by Gerald D. Jaynes, Yale University
WASHINGTON – Anti-immigrant groups have repeatedly tried to drive a wedge between African Americans and immigrants by capitalizing on the myth that immigrants take American jobs—particularly jobs that would otherwise go to African Americans.
That myth, as anti-immigrant groups present it, is simply not true, says Gerald Jaynes, a professor of Economics and African American Studies at Yale University.
In a new Perspectives piece for the Immigration Policy Center, A Conversation about the Economic Effects of Immigration on African Americans, Jaynes dispels the myth that immigrants take “black jobs” and instead suggests we find solutions on how to lift up all low-wage American workers.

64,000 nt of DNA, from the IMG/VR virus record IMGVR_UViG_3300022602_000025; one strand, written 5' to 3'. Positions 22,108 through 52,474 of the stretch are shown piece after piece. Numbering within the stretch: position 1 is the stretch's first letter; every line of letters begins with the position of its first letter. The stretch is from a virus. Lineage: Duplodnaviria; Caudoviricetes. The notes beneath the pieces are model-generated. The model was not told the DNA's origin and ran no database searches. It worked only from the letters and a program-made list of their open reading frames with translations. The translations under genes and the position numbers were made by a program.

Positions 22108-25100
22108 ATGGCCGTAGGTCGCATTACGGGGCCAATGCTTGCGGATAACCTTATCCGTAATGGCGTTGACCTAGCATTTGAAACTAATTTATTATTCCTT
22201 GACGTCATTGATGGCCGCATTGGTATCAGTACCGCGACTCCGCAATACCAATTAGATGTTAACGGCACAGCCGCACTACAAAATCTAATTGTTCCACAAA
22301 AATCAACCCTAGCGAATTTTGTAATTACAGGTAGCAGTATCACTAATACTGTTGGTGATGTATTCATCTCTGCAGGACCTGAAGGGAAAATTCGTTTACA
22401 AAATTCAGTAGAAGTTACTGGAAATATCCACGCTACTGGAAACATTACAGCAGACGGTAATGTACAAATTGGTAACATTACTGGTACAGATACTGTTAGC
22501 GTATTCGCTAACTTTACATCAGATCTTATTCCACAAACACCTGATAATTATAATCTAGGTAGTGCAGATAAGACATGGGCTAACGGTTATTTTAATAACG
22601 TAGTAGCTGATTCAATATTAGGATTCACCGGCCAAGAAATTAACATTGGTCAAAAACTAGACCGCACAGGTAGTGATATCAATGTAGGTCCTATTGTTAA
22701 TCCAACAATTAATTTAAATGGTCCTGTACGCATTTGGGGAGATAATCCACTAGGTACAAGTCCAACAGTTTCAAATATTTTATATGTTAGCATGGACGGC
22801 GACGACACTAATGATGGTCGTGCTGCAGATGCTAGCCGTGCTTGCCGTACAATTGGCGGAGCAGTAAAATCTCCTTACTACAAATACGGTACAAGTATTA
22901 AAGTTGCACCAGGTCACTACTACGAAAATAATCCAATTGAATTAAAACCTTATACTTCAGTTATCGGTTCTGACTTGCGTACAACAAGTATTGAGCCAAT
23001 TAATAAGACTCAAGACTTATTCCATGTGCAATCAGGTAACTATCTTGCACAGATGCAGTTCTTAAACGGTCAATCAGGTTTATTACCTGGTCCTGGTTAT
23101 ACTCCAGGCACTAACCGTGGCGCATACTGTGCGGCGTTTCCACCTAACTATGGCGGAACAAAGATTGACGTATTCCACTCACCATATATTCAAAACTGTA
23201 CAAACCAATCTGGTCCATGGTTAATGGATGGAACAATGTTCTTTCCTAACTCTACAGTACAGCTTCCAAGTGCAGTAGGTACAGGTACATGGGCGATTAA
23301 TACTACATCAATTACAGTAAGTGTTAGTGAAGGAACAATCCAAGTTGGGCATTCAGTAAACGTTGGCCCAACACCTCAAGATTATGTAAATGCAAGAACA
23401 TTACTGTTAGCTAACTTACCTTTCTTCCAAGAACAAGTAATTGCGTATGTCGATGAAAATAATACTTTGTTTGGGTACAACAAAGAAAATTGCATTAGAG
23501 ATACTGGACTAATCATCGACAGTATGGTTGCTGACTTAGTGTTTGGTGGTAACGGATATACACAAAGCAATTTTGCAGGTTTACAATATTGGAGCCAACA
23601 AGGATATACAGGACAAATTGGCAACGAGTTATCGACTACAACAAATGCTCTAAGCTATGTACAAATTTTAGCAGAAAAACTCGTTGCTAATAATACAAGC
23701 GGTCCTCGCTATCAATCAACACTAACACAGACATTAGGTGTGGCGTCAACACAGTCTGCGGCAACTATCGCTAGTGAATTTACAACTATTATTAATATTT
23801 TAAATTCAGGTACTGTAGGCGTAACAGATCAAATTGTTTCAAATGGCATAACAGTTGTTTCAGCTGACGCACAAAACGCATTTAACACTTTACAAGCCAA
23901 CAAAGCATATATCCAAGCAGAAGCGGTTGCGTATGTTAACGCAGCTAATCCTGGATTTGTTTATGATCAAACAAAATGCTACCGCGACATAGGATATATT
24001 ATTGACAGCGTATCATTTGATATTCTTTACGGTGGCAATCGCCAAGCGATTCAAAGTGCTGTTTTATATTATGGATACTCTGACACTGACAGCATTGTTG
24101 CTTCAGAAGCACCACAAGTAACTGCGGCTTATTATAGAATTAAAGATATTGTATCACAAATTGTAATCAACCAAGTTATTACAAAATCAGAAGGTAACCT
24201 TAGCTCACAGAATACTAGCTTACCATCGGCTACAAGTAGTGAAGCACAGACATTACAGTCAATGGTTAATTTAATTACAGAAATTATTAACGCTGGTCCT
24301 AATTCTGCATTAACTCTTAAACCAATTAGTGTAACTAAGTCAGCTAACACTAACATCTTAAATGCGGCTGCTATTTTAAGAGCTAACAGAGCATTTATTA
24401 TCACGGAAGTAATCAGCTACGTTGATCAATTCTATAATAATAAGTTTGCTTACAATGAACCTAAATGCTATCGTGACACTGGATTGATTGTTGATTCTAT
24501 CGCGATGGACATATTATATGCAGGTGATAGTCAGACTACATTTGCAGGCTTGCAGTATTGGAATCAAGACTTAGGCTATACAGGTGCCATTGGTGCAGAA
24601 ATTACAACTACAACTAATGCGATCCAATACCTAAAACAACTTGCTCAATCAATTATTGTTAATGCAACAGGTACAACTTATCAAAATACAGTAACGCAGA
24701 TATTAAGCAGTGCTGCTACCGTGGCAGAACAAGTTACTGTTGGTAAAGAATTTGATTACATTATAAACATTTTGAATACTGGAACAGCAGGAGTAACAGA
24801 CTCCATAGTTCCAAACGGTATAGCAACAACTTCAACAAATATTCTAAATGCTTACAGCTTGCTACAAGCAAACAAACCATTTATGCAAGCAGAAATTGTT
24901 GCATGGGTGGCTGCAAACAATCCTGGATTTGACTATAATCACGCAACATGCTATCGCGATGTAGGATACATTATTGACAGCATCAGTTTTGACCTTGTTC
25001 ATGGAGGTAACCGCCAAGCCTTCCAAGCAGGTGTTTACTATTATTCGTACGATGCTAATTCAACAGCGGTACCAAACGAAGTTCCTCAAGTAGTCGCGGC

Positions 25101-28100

In his plainspoken narrative, Jaynes cites statistical analysis on the effect of immigration on wages and native-born employment and finds the effects to be “relatively small and secondary to other causes of low wages and employment.” He also points out that immigration as a whole is a net benefit to the U.S. economy.
The Immigration Policy Center’s Perspectives on Immigration are narrative thought pieces written by leading academics and researchers who bring a wide range of multi-disciplinary knowledge to the issue of immigration policy.
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